Sybase negotiates truce with hedge fund

Company will buy back $383 million in stock

What's the price of independence for a billion-dollar enterprise software company these days?

For Sybase Inc., it was $383 million in stock buybacks to which the company agreed on February 26. The action got Wall Street hedge fund Sandell Asset Management off its back for at least two years, though with no guarantees after that.

The Sybase-Sandell agreement, which was apparently hammered out several weeks ago, will see Sybase buying back $300 million of stock via auction for between $28 and $30 per share before its annual meeting on April 15.

Sybase ended trading Friday at $26.40.

The company also committed to buying back another $83 million in stock by its annual meeting in 2009. In return, Sandell said it will support Sybase's board for the next two years and cease any other forms of anti-board activism.

Using a 6% stake it had acquired last fall in Sybase, Sandell had been pressuring Sybase to either offer itself up for sale to a larger software vendor, spin out one of its faster-growing divisions for an IPO, or buy back stock.

Sandell had originally proposed that Sybase borrow $1.1 billion in order to buy back $1.5 billion worth of shares over the next 3 years.

The move was praised by Wall Street, which expects the buyback to raise Sybase's earnings per share and its long languishing stock price.

This is "an important signal of management's confidence in business fundamentals, despite the broader macro headwinds," wrote Terry Tillman, an analyst with SunTrust Robinson Humphrey. He expects Sybase to pull in $1.09 billion this year and $1.15 billion in 2009.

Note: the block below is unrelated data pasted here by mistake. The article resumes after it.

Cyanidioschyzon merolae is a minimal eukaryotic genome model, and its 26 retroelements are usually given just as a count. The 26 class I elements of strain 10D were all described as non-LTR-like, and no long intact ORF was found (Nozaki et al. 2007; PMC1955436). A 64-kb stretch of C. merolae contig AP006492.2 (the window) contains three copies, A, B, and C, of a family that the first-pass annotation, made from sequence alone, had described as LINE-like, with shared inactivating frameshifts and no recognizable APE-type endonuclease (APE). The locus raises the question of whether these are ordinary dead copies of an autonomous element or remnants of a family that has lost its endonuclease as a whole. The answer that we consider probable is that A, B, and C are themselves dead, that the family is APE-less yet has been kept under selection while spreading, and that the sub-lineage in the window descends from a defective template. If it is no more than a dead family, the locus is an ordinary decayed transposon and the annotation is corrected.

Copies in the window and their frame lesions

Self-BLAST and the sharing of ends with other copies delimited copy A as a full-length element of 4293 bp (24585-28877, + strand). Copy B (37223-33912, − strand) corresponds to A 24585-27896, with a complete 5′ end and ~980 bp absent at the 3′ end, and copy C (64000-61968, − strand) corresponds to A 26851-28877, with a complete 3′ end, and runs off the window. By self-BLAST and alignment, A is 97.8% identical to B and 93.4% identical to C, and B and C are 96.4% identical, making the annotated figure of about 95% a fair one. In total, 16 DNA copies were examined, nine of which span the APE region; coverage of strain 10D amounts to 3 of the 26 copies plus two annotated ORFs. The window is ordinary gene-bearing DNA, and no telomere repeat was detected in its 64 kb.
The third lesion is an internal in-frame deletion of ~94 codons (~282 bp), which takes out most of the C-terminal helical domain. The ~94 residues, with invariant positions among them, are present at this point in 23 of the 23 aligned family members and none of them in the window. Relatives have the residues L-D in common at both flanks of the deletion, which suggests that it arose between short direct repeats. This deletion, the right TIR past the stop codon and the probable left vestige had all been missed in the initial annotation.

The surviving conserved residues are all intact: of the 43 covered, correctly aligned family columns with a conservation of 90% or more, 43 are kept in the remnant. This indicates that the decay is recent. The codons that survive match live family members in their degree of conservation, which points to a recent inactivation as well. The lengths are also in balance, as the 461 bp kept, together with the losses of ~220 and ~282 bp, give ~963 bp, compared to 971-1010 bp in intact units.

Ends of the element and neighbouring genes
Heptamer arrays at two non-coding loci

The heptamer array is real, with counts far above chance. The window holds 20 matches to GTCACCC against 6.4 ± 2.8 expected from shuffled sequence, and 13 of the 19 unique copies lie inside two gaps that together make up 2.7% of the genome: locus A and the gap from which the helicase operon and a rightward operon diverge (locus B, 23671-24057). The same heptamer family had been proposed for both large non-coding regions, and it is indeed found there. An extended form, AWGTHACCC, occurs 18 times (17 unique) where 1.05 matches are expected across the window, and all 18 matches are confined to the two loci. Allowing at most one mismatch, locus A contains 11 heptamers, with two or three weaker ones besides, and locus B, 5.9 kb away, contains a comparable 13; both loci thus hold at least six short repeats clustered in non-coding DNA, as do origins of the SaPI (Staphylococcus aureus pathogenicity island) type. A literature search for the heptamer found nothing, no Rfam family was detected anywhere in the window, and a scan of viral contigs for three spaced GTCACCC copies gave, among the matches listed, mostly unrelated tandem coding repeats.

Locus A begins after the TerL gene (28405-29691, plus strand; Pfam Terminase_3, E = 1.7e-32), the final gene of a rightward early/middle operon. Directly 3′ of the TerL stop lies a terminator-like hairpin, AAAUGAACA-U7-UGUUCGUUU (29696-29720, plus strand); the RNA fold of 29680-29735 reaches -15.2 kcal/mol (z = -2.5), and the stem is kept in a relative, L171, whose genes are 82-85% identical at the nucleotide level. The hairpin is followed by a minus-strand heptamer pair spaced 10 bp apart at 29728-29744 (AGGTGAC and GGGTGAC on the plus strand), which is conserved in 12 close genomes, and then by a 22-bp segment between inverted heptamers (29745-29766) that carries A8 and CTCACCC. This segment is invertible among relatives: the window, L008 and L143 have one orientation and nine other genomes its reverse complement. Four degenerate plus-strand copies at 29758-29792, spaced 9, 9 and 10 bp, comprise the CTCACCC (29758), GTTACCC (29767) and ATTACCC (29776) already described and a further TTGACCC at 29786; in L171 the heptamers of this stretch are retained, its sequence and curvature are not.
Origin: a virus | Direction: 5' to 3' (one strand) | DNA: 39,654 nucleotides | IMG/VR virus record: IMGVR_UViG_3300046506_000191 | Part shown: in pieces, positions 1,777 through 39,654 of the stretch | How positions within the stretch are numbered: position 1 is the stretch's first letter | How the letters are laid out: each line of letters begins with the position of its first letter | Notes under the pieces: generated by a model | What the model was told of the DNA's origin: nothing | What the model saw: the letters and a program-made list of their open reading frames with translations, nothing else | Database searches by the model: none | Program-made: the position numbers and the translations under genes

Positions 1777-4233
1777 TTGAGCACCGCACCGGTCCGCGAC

Using up most of its cash reserve will also focus Sybase to focus on execution rather than potential acquisitions, according to a report by Lehman Brothers.

The agreement also appears to effectively squash any move by Sybase to put itself up for sale or spin out its mobile messaging unit, Sybase 365, or niche databases such as iAnywhere, out, for a public offering.

"Our view has always been that we see a strong synergy around our businesses, and there is a lot more value with them being together than being pulled apart," said Mark Wilson, a Sybase spokesman. That goes double, he said, with fears of an economic recession looming.

"In a down market, you want to be a bigger company, because IT groups don't like to place investments in startups" during those times," he said.

In the so-called Dutch Auction process, all interested shareholders tell Sybase how many shares they want to sell and at what price. Sybase tallies that up, starting with the lowest prices. When it reaches $300 million worth of shares, it sets that point as the price it will pay all shareholders it has already tallied.

It is unclear whether Sandell plans to sell its $140 million worth of shares via the auction for a quick profit, or hold on to them, betting that they will rise in value.

Sybase' shares hit a low of $21.80 last September. Sandell announced its Sybase stake and proposal in October.

Copyright © 2008 IDG Communications, Inc.

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